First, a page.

British Muslims Living In Fear Of Prevent Strategy, Says Terror Watchdog
David Anderson QC said the community felt unfairly targeted and had no confidence in the government's anti-extremism programme.
Britain's leading terror law expert has called for reforms to the government's Prevent counter-extremism programme, saying it was "frustrating" to see it falling at the point of delivery and warning that it had led to Muslim communities feeling targeted.
David Anderson QC, the top independent reviewer of terrorism legislation, said in an interview with BBC Radio 4's Today programme on Thursday: "There is a strong feeling in Muslim communities that I visit that Prevent is, if not a spying programme, then at least a programme that is targeted on them."
He said the scheme has led some Muslims to feel targeted simply for practising their faith: "In some cases it is even felt that it is targeted not just at Islamists and terrorism or extremism, but at the practice of Islam. People who pray or wear the veil, for example, are sometimes felt to be under suspicion."
Anderson, who has been in the role since 2011, said that although fears of the Prevent programme were "exaggerated" and not what the scheme was meant to be about, "the fact is, they are very real".
His comments add to growing pressure on the government about Prevent: Andy Burnham, the shadow home secretary, has said Prevent had become a "toxic" brand, while the Liberal Democrats recently voted at its conference to scrap what they called a "counter-productive" strategy.
Anderson said: "So it is frustrating for me to see a programme whose ideals are so obviously good falling down on the delivery to the point it is not trusted in the community where it principally applies," and highlighted that 15% of counter-extremism interventions related to the extreme right.
Lena Mohamed, a spokeswoman from advocacy group the Islamic Human Rights Commission, told BuzzFeed News: "This fear is palpable when, for example, Muslim parents avoid watching the news in the event their children express knowledge of global politics (particularly of the Middle East) outside of the home and be labelled a potential extremist as a result."
Anderson urged the government to consider reforms: "At the end of the day, the unhappiness is real, the suspicion in communities is real, and it seems to me the government needs to do something about that."
He stopped short, however, of calling for Prevent to be scrapped. "I think before calling for the removal of the programme one needs to reflect a bit on what would come in its place," he said, adding that there was a very serious risk of Islamist extremism in the UK and he did not think the solution was to repeal the scheme.
Anderson, who earlier this year announced plans to step down from the post in 2017, recommended three changes.
He called for transparency with regards to data that is held and the underlying research behind the scheme that may determine the metrics for success. Last week 140 academics signed a letter urging for the publication of the framework used as the basis for assessing risk of “radicalisation”, following a statement by the Royal College of Psychiatrists that said the UK’s Extremism Risk Guidance 22+ should be made "readily accessible".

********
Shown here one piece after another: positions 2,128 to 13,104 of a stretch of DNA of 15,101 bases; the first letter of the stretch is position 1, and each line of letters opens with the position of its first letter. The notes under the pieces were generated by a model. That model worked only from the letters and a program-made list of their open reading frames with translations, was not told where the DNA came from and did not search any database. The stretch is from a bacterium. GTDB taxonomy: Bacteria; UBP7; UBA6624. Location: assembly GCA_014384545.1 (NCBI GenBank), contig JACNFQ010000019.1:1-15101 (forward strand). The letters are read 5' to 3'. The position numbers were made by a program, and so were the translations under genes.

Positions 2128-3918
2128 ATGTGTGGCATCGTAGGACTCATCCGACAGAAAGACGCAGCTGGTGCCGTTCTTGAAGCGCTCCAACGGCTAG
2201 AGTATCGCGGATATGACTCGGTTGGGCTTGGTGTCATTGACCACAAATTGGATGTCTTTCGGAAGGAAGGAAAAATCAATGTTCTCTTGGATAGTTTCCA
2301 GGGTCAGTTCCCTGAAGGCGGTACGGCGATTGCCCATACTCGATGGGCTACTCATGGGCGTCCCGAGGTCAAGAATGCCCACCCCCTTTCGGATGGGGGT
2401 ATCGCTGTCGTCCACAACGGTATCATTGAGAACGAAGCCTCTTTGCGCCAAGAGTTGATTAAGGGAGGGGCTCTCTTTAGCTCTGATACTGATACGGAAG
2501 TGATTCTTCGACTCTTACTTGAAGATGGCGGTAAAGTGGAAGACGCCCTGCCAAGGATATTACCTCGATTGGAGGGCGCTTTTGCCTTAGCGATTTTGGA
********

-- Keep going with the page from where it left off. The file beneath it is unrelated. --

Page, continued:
"Secondly," he said, "we need somebody or some group of people completely independent of the programme who can get in there, read the secrets, talk to everybody, and report to parliament and the public how it's working."
Third, he said, there had to be better engagement from government with the range of Muslim communities in the country.
"It's extraordinary for me that there is no dialogue, for example, between the government and the Muslim Council of Britain [MCB]," he said, referring to the Muslim umbrella organisation with 500 affiliates across the country.
Harun Khan, the MCB's recently appointed secretary general, told BuzzFeed News in the summer he had not yet had any communication with the government and had been left wondering if disengagement was an official policy.
In a statement to BuzzFeed News today, the MCB said: "We hope that the government will listen, engage and take on board the critiques from many sections of society – only through engagement can there be true community buy-in and an effective strategy to keep us all safe and secure from the real scourge of terrorism."
Anderson said although Prevent may be effective, "people need to know that and need to believe that".
"[It] means the government has to be more open about what it's doing, and it has to subject itself to some independent scrutiny that can judge whether it's effective or whether it isn't," he added.
Almost 4,000 people were referred via Channel, a key part of the Prevent strategy, last year, according to figures published by the National Police Chiefs' Council under the Freedom of Information Act.
According to government documents, Prevent priority areas up and down the country were increased from 30 to 46 in June 2015.
Councils have had a greater role to play since the new Prevent duty for local
authorities contained within the Counter Terrorism and Security Act 2015, and even taxi drivers in West Yorkshire have received Prevent training.
In her speech in Birmingham this week, home secretary Amber Rudd announced she would be publishing the next phase of the UK counter-terrorism strategy later this year.
The government is currently reviewing Contest, its strategy for countering terrorism, and will publish an updated version later this year.